The recent reveal that Alexander Teplyashin’s team in Mocow, Russia in getting bones to lengthen by implanting culture grown “growth plates” and trying them out on ram/sheep shows that in theory and concept, the stuff would work. However, Teplyashin is still a researcher (actually has a Ph. D in plastic surgery) and he must follow the guidelines and protocols that the academic and corporate rules set for him.

Here are some problems that have caused the whole stem cell research to be resisted. When George Bush was president (the 2nd one) he imposed laws which made it not possible for USA based researchers to use embryo derived stem cells. Because of Bush, the research into stem cells was halted for his entire 2 terms, which was basically a full decade. While the USA was held back, other countries in the world like Japan, South Korea, Germany, and Russia rushed forward and was willing to take the chance the Americans were not. It wasn’t until 2009, when Obama came to office did the law against stem cell research (at least the embryo derived ones) get lifted. (source: Obama Lifts Bush’s Strict Limits on Stem Cell Research).

The 2nd problem is that Teplyashin’s research has also been halted by the government branched in Russia, one source we found stated. His team is written up grants, petitions, and proposals to move forward in their research, but the government seems to be blocking his team from further progress.

All of this may sound like really bad news, but there is a LOT of good news which I have found recently which shows that the endeavor is definitely being pushed forward.

The Good News

Good News #1 – On the problem on cartilage material strength and whether it can handle the upper weight loading – It seems that this is not a problem. I do read a lot of reddit threads and on one reddit thread, where people were talking about the possibility of getting lab grown cartilage transplanted into their knees for pain management and osteoarthritis treatment ( it was revealed that cartilage that is created in the lab synthetically can withstand the weight load, with the high enough equilibrium compressive strength/modulus. Refer to the study Comparison of the equilibrium response of articular cartilage in unconfined compression, confined compression and indentation for more information.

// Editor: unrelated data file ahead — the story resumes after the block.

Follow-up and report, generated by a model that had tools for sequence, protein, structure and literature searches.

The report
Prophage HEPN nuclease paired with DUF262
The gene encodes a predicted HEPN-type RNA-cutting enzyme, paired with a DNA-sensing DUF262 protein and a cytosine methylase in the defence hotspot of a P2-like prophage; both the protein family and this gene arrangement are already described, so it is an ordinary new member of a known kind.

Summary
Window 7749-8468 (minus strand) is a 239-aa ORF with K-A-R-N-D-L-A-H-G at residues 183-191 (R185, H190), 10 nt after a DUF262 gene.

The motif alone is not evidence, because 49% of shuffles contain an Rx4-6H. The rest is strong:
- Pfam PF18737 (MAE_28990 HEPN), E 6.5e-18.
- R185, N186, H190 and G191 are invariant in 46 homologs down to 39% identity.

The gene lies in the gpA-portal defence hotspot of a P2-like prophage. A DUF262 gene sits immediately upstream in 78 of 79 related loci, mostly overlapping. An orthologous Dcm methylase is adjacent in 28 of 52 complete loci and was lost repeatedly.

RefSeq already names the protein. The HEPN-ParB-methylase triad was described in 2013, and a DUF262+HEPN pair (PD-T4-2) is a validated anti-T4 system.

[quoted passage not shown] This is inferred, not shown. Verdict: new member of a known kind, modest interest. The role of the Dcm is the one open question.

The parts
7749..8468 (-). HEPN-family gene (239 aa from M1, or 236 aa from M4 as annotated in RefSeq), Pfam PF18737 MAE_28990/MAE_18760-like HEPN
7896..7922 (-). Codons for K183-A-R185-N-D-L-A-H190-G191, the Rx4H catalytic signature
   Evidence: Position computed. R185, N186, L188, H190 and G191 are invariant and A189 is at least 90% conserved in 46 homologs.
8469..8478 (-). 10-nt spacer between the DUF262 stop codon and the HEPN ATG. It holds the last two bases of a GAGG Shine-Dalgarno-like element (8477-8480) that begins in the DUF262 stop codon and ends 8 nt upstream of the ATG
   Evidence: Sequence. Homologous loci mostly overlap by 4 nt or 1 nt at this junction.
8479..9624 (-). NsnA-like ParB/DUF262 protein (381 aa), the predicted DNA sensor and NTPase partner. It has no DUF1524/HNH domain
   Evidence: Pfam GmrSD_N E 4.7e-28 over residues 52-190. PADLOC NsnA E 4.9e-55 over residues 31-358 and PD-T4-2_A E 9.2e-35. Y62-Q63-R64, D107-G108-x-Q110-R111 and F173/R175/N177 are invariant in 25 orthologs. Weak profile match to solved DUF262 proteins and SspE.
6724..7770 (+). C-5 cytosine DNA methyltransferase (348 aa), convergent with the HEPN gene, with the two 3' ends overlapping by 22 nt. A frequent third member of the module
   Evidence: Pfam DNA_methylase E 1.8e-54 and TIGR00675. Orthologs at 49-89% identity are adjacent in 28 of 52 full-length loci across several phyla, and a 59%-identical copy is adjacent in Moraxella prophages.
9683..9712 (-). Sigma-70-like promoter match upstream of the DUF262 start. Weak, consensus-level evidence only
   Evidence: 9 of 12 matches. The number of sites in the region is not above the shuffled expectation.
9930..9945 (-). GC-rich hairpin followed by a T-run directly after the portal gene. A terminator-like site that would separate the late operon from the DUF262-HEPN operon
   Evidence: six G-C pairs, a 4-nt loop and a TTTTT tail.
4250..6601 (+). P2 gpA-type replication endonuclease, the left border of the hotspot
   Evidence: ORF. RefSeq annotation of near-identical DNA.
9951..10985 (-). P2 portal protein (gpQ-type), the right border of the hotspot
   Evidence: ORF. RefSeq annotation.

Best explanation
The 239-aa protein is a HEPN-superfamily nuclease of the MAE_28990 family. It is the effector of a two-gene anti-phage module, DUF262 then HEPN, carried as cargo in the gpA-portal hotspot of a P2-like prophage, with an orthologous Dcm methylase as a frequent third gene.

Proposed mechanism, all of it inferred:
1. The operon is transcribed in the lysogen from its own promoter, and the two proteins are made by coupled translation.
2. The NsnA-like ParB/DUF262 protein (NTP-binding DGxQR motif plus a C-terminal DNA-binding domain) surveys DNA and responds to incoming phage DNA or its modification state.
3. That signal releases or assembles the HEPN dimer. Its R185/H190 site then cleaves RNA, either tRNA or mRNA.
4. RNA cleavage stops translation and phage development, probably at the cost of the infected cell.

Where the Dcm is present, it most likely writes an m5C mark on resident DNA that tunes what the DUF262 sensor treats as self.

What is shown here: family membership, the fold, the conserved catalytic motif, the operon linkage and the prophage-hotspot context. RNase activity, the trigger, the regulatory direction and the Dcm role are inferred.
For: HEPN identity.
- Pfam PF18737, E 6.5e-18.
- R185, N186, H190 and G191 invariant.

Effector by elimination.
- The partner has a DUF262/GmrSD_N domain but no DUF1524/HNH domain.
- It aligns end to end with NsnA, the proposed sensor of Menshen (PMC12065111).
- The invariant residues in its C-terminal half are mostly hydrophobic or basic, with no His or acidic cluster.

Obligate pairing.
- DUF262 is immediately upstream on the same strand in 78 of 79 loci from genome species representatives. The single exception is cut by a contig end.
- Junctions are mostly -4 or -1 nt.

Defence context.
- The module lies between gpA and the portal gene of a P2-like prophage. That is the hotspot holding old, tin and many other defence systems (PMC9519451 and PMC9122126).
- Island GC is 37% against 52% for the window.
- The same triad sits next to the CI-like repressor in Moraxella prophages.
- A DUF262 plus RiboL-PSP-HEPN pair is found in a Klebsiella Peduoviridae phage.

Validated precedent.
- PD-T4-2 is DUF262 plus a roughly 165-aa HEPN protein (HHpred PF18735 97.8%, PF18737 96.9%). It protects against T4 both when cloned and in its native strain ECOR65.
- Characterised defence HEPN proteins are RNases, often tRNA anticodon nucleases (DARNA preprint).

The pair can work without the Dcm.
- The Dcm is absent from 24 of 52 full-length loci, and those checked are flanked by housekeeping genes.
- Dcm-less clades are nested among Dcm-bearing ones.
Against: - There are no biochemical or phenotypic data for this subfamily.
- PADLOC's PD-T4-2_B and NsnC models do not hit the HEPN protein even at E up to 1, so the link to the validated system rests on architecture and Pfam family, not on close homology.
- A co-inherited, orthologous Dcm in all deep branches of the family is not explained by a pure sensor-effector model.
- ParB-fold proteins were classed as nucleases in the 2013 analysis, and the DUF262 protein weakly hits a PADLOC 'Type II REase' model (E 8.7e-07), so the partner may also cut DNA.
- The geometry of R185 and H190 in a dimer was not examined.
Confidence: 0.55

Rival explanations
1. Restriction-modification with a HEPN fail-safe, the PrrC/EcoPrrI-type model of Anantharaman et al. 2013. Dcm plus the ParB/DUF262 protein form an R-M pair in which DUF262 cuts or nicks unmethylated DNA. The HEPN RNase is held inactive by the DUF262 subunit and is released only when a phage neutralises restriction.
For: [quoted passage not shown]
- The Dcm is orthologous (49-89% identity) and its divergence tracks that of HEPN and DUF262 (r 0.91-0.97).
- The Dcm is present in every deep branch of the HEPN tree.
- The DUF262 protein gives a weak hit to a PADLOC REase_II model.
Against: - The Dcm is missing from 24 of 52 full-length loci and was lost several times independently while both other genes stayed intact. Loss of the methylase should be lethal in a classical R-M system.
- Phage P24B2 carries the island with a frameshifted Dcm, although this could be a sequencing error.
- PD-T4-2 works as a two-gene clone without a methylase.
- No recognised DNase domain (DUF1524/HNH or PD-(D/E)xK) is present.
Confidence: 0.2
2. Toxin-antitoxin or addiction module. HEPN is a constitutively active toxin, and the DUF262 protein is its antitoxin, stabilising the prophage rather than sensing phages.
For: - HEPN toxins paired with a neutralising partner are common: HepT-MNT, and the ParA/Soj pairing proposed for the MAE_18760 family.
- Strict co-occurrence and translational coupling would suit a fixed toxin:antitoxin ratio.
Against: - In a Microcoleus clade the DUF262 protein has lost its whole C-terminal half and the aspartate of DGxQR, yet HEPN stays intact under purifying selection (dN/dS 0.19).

Good News #2: The problem that the people who want to fix their knee articular cartilage degeneration have cleared up is that cartilage implants like autologous chondrocyte implantation has not worked too well to the defects on the surface of articular cartilage. The problem is that the neo-cartilage tissue doesn’t seem to be able to fused properly with the older, natural cartilage. The cartilage then turns into the fibrocartilage tissue type. Of course, these guys on the Reddit Science Thread wants to add cartilage to an area of the body where there is already cartilage. As we know, cartilage is an anareobic environment aka avascular, where the cells inside the ECM of the cartilage can’t get nutrients through blood vessels. Of course then it would make sense that plopping new cartilage on top would not work out too well, since traditionally you need vascularization to get the transplants to fuse with the rest of the body. Our desire is instead to add cartilage to a place where there is no more cartilage (fully fused) and only bone. Bones are very nicely vascularized. In fact, we reported news recently that the vascularization issue was figured out by Teplyashin’s team in a paper that they published (How Svetlana Zagirovna Sharifullina Developed A Vascularized Fully Functioning Growth Plate)